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Welcome to Books R Us, a recommended reading blog from InfoSoup librarians and users and home to A Year of Listening Dangerously, the 2014 InfoSoup Reading Challenge! Find a great book to read next, add your own reviews, and check out our book related resources such as NoveList and BookLetters.


Author: Kourtney Heintz

I rated this book 1 star.

I must admit, the title grabbed me (as I am a Wisconsinite) and the synopsis sounded good. Little did I know what I was in for!

I could deal with the fact that this was "paranormal" ~ to a point. Some of it was just a little to out there for me. But even then, that wouldn't have been so bad. Oh my goodness. I did not need a simile for every feeling, action, or whatever else was going on. Too many words, too descriptive, and the story just seemed to drag on forever. The relationship with Kai and Oliver was a little too over the top too. Were they adults or middle school kids? After while it got old. I should have read the short story at the end of the book!

There were the occasional one liners thrown in, which made me chuckle. I liked the humor, and it did break the monotony.

I think this book could have been so much better with a lot of editing and the characters not acting so juvenile.

Premise was good, just not the execution . . .

Author: Ann Leary

This book was closer to 5 stars, than 4, and deserved the higher rating.

If you have ever had someone in your life who is an alcoholic, this was an excellent insight into how they think. They will give you every reason they can possible think of to justify their drinking. How it is not a problem; they can function, have successful careers, etc. Whatever excuse they can give.

It is difficult to watch the person you love descend into the abyss that their behavior causes. I agree with what was said in the book. Intervention does not always work. The alcoholic (or drug addict) has to WANT to change. When and until the person admits that alcohol is in control of their life, and they WANT to change, we can and often do feel helpless.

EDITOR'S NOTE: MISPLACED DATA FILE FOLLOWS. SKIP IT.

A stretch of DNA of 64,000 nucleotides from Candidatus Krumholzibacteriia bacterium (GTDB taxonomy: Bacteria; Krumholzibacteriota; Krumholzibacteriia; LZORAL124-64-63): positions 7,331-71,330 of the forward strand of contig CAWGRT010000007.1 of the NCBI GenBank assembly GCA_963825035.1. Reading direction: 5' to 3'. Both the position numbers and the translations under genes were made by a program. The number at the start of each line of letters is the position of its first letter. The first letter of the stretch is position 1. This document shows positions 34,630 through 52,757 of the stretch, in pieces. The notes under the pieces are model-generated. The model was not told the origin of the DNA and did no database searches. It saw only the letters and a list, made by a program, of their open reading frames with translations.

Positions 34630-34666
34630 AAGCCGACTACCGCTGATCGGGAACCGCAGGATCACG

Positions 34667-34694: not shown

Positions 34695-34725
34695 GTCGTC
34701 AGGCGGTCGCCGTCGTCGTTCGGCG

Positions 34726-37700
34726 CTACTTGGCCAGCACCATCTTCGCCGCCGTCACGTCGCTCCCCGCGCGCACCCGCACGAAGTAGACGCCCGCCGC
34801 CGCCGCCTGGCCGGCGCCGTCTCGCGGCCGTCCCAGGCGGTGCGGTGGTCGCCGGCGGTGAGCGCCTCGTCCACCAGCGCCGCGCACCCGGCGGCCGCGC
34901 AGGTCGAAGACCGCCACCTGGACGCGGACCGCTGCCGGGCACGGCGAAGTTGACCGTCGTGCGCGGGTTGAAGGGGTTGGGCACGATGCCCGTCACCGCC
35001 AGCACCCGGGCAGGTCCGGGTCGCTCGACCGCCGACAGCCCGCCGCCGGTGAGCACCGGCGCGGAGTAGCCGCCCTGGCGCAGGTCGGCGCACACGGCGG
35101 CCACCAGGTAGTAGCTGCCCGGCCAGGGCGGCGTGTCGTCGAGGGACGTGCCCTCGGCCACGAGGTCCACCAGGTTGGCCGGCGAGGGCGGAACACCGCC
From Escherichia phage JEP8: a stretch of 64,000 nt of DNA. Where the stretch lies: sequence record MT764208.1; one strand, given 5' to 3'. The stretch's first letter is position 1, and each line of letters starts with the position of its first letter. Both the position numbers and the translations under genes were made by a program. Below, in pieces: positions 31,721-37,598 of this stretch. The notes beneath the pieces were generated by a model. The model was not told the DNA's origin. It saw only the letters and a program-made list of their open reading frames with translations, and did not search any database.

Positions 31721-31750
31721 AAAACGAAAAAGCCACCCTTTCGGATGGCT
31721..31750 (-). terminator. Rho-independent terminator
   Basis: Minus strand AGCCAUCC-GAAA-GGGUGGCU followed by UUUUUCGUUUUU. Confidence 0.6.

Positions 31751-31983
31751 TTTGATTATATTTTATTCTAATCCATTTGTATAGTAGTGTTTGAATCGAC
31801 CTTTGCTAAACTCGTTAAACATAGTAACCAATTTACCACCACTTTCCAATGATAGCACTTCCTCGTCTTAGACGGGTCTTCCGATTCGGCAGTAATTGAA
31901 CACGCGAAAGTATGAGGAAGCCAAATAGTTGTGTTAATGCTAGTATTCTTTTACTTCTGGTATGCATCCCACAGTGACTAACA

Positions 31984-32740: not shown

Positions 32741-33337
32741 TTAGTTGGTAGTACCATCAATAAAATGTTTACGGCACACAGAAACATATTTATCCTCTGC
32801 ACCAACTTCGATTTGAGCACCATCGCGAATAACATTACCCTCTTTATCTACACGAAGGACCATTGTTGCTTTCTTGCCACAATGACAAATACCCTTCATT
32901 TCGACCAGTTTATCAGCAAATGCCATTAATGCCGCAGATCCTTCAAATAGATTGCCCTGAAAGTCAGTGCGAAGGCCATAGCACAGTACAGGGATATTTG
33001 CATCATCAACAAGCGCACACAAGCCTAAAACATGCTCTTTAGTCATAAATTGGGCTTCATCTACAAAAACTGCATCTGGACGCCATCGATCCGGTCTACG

This book is not a solution. What Ms Leary does is offer us insight into the life of an alcoholic. How they think. Their excuses. Denial. How they justify their behavior. Pain. The internal demons. It is spot on, and offers to those who love someone who is an alcoholic what goes on in their head.

I would highly recommend this book to anyone who has alcoholism in their lives.

Thank you Ms Leary for such an insightful book.

Author: Jennie Shortridge

I wish there were half stars, this one got 4, but was really worthy of 4 1/2.

This book kept me turning the pages ~ when I KNEW I should go to bed!!

Standing in the freezing Pacific Ocean, off the shore of San Francisco, Lucie Walker, looking around, doesn't have a clue who she is or where she is.  She realizes she is freezing.  Her legs are numb, but she is unable to move.  A kind man approaches her and gently coaxes her to shore.  She is rushed to a hospital, and is discovered to have dissociative fugue.  Amnesia.  Her fiance, Grady, comes from Seattle to take her home.  Her Aunt Helen from whom she has been estranged for 25 years contacts Grady.  As she begins the process of trying to piece her life back together, she discovers that there secrets, and not everyone is honest . . .

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Author: Katherine Center